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Cooking For Pets: Good Idea?

As the pet food recall grows, so does the number of people cooking for their dogs and cats.

But is that wise?

The Early Show's resident veterinarian, Dr. Debbye Turner, suggested Tuesday that it might not be.

"I cannot recommend that you cook for your pet," she told co-anchor Hannah Storm. "They have very specific nutritional needs. If you're going to cook for your pet, you need to formulate a diet that has all the right nutrients, plus supplements, and all in the right proportions."

Turner says people "absolutely shouldn't" stop feeding Fido or Fluffy commercial pet food: There are still plenty of commercial pet foods on the shelves that are believed to be safe. Of course, check the recall list on the Menu Foods Web site to make sure you're not feeding one of the affected brands.

Since it's believed wheat gluten is somehow involved, you can help assure the food you're feeding is safe by looking at the ingredients listed on the package or can and making sure wheat gluten isn't one of them.

Also, cautioned Turner, cats and dogs have different nutritional requirements. Dogs need 38 nutrients daily. Cat need 40. Dogs are omnivores, like people. So they need protein, carbohydrates, fats and fiber, plus vitamins and minerals. Cats are obligate carnivores. They need a high protein diet that contains animal fat and taurine.

What's more, pets can't eat everything people can. Most spices are upsetting to pets' systems and will cause gastric irritation and diarrhea. So, you definitely shouldn't season food for pets the way we season it for ourselves. Plus, there are some foods that we know are toxic to cats and dogs. They include onions, garlic, raisins, grapes, chocolate and macadamia nuts.

Also, Turner was wary of Internet info. "You do not want to trust Internet recipes," she said. Anyone can come up with a recipe and post it on the Web. And while these recipes may be tasty to your pet and OK to give them as a treat, many just aren't nutritionally complete and shouldn't be used for long-term feeding. You will simply do more harm than good to your pet. If you still feel you have to cook for your pet, it's best to take the recipe to your veterinarian and let her review it and make adjustments, just to be safe.

That said, Turner did offer an example of a recipe for dogs, from a Web site run by a board-certified veterinary nutritionist who formulates custom-made recipes for pet owners. They're designed to be nutritionally balanced specifically for your pets.

There are hundreds of recipes, but the one shown by Turner includes white rice, vegetable oil and chicken. Seems pretty simple, right? Well, in order for it to be nutritionally balanced, you must add supplements to the dish: a multivitamin, calcium, choline, salt and zinc. That's the advantage of commercial diets: all the work has been done for you. The vitamins, minerals, and fatty acids are already there. If you cook for your pet, YOU have to add them. It's a lot of work!

The recipe for dogs that Turner showed:

Rice (white, long-grain, regular, cooked) 3-7/8cup
Oil (vegetable, corn) 4-1/4 tsp
Chicken (breast, cooked) 5-1/8 oz

PLUS: must add these human supplements:
1-1/8 tablets of One a Day Maximum Multivitamin/mineral supplement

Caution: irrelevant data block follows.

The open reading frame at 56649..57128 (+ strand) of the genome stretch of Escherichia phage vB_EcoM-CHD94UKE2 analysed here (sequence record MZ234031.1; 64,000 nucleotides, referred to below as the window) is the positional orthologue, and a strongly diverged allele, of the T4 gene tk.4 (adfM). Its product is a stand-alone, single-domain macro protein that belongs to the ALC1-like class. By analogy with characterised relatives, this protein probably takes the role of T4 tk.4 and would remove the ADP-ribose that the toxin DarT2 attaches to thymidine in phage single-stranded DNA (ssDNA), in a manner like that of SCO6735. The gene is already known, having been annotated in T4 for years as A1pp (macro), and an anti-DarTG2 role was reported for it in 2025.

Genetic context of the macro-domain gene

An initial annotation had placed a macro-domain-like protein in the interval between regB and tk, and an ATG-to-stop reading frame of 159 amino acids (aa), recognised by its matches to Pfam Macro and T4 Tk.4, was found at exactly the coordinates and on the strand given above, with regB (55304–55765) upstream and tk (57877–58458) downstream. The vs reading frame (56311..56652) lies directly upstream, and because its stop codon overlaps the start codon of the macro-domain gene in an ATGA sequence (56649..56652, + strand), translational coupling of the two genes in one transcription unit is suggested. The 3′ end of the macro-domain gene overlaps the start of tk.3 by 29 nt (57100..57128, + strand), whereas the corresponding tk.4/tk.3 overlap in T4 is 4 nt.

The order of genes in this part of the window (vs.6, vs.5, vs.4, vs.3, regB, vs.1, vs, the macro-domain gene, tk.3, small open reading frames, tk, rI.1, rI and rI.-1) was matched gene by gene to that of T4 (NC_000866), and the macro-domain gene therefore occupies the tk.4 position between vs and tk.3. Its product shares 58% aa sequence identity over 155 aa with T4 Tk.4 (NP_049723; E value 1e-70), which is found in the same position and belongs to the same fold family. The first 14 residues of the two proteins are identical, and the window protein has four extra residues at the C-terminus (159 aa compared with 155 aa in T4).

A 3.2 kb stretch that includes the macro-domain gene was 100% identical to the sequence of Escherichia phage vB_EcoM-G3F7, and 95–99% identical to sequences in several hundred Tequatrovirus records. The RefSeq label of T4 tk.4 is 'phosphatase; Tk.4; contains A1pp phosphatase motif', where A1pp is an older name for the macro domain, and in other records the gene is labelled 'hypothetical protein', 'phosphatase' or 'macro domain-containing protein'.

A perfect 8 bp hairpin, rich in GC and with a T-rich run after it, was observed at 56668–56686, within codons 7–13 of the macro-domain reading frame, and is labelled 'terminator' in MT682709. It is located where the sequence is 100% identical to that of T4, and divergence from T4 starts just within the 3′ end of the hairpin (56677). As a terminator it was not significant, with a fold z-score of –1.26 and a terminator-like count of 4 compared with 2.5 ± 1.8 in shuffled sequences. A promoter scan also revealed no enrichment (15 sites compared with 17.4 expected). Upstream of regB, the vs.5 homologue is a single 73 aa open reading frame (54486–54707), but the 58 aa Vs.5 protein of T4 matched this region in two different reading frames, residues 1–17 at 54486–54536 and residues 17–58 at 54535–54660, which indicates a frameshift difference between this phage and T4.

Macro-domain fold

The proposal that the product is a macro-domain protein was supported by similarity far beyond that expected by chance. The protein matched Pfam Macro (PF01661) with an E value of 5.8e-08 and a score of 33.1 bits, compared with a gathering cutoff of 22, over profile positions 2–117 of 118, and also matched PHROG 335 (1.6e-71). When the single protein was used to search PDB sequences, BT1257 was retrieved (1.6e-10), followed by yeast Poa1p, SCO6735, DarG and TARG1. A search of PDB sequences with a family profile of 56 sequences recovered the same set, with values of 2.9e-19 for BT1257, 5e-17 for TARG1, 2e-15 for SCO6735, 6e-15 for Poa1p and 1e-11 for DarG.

3-7/8 of Posture caplet (600 mg elemental calcium)
1-3/8 tablets of generic choline tablet (600 mg tablet w/250 mg choline)
1 tsp of Morton Lite Salt Mixture
1/8 tsp of Morton Salt Substitute
3/4 tablet of generic zinc gluconate tablet (250 mg tablet w/30 mg elemental zinc)

Bake the chicken in the oven and cook the white rice without adding salt. Cut the chicken into small pieces. Place the white rice in a bowl and add the oil and the supplements. Mix well. Place cut chicken on the rice and serve.

Why is it, Turner was asked, that cats are far more affected in this recall than dogs?

It's important to point out that we still don't know exactly what has caused illness and death in pets, Turner responded, but we know that far more cats have gotten sick and died than dogs. It could be because they are smaller and can't tolerate the "load" of the toxin in the food. Or their metabolism is faster than dogs, so it could be that hastens the affect of the poison. We're just not sure yet.

Turner also demonstrated the preparation of a recipe for cats, which she said is a good example of what a cat would eat. It's from the same Web site as the one for dogs, and includes sweet potato, salmon, and vegetable oil. But again, the food alone doesn't contain all the necessary nutrition for the cat. So you would need to add these supplements to make it nutritionally complete: a multivitamin, calcium, taurine, choline, salt, zinc, and caltrate.

The cat recipe:

Sweet potato (cooked, baked in skin, without salt) 5/8 cup
Fish, salmon (Atlantic, wild, cooked) 2.9 ounces
Oil (vegetable or corn) 3/4 tsp

PLUS: must add these human supplements:
1/4 tablet of One A Day Maximum Multivitamin/multimineral Supplement per day
3/8 caplet of Posture caplet (600 mg elemental calcium) per day
1/4 tablet of Generic taurine tablet (1 gram tablet with 500 mg taurine) per day
3/8 tablet of Generic choline tablet (600 mg tablet with 250 mg choline) per day
1/8 tsp of Morton Lite Salt Mixture per day
1/8 tablet of Generic zinc gluconate tablet (250 mg tablet with 30 mg elemental zinc) per day
1/4 capsule of Caltrate 600 per day

Bake the salmon and sweet potato in the oven without any added salt. Once cooked, measure out the salmon and sweet potato in the amounts above and cut into small pieces. Place the sweet potato in a serving bowl and add the oil and the necessary supplement. Mix well. Place the cut salmon onto the sweet potato and serve.

For more on pets and nutrition, Turner recommends these sites:
PetDiets.com and the site of the American Veterinary Medical Association.

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